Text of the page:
Spend the rest of your day exploring the small cobbled streets, stumbling upon beautiful Piazzas and enjoying the amazing Italian food.
Today is a busy day so make sure you get an early start. Start the day off with an underground and third ring tour of the Colosseum.
You will need to book your tickets in advance here (you have to buy both an admission ticket and the tour tickets, tour tickets by themselves do not include admission).
This iconic amphitheatre in its day was home to gladiatorial combats and wild animal fights. This particular tour takes you behind the scenes, down to the underground chambers and to the third ring. From there you get amazing views of the entire building and surroundings.
The Forum was ancient Rome’s centre, home to temples, basilicas and public spaces. Now it lay in jumbled ruins. Your best bet is to purchase an audio tour for 7 euros to properly understand it.
The Forum and Palatine Hill covers a large area and if you stop at every audio point it will take you a good few hours if not a whole afternoon to get around.
You should take a break now and grab some lunch. Perhaps have a nap before heading over to Castel Sant’Angelo in the early evening.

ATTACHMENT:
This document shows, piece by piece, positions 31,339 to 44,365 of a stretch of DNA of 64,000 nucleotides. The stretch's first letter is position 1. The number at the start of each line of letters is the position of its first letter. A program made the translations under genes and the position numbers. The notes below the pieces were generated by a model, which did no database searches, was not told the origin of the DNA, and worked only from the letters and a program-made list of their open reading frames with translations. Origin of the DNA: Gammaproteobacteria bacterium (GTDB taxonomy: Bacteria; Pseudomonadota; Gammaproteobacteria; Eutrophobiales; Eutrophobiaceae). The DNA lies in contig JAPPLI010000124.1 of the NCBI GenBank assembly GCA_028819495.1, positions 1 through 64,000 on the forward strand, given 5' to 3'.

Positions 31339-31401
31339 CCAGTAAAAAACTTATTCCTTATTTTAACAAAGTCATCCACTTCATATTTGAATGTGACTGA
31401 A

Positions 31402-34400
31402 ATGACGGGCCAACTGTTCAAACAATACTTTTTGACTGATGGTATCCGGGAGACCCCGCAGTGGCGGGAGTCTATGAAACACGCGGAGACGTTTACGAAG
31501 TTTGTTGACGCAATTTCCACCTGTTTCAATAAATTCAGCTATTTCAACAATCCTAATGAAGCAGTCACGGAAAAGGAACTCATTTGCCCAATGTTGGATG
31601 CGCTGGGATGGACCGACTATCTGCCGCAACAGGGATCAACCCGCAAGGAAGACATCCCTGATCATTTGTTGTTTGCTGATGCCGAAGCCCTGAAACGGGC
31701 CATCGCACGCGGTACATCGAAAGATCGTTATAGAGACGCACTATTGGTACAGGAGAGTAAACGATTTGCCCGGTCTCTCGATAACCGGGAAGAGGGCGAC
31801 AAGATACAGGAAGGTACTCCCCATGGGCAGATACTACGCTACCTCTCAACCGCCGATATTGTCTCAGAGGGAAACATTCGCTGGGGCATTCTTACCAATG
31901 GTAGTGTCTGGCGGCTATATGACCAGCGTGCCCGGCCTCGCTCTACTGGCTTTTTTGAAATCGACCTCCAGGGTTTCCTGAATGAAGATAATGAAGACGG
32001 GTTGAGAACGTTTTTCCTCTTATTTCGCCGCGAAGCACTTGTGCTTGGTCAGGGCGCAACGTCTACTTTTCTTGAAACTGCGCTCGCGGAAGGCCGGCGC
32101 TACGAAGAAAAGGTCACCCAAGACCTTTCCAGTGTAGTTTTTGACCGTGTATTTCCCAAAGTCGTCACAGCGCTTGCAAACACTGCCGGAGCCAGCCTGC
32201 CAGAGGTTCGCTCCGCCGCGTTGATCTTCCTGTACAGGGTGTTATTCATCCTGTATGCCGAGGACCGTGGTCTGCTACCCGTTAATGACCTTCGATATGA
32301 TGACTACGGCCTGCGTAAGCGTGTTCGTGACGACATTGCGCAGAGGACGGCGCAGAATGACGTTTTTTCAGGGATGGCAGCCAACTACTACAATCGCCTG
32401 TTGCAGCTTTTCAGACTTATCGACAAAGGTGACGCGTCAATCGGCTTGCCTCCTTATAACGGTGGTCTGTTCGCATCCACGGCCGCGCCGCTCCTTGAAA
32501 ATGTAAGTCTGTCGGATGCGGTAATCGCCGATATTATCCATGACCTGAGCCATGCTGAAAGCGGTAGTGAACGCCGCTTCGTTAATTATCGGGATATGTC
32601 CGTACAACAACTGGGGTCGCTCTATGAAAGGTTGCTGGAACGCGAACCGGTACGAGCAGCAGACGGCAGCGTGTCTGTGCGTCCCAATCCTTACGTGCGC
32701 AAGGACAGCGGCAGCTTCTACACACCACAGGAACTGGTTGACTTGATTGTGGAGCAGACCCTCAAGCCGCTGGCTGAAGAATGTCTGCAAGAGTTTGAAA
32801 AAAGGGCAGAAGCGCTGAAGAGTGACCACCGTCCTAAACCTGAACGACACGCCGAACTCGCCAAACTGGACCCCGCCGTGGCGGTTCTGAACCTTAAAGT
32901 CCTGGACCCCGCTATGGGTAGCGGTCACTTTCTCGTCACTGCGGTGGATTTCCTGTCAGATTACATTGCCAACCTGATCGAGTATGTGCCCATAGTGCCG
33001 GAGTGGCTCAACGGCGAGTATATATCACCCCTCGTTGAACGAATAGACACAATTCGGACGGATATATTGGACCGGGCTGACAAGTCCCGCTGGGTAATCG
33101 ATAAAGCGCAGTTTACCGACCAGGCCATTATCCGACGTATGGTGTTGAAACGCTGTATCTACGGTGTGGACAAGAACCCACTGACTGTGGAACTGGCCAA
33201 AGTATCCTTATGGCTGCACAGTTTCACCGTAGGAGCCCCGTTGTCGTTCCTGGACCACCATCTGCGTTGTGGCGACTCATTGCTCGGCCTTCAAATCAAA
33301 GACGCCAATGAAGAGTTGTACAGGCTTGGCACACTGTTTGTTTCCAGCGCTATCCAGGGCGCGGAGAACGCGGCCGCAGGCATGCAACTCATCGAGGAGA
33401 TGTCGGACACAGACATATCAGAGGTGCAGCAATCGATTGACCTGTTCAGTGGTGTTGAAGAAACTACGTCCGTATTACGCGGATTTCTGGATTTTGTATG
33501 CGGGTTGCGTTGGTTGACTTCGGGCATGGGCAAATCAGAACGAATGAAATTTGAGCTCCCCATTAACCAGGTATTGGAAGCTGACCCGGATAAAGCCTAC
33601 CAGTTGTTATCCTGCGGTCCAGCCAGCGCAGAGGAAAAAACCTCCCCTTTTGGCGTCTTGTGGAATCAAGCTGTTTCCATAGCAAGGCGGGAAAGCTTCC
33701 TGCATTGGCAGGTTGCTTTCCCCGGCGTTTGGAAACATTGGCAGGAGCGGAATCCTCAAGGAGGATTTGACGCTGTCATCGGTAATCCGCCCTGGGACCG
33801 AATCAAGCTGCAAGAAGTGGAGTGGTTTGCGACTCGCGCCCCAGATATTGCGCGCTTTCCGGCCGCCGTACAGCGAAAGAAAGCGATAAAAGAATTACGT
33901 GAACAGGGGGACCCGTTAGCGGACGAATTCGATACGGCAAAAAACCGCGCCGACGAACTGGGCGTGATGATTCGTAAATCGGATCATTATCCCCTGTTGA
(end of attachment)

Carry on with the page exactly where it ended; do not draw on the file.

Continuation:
The Fortress was originally built as a mausoleum for the Emperor Hadrian. It has also served as a prison and a papal residence. There isn’t a whole lot to see in here so I’d just head straight for the roof to enjoy the views over the city.
Spend the rest of the evening enjoying dinner and drinks before another busy day.
Today head over into Vatican City, headquarters of the Roman Catholic Church and home to the pope.
Make sure to dress conservatively, legs and shoulders must be covered for entrance to the museums and church.
Just walk right to the front where you can go straight in at your designated time slot (although I don’t think they actually check the times).
Depending on your level of interest you could spend many hours wandering the museum. If you are mainly interested in seeing the Sistine Chapel follow the signs directly there.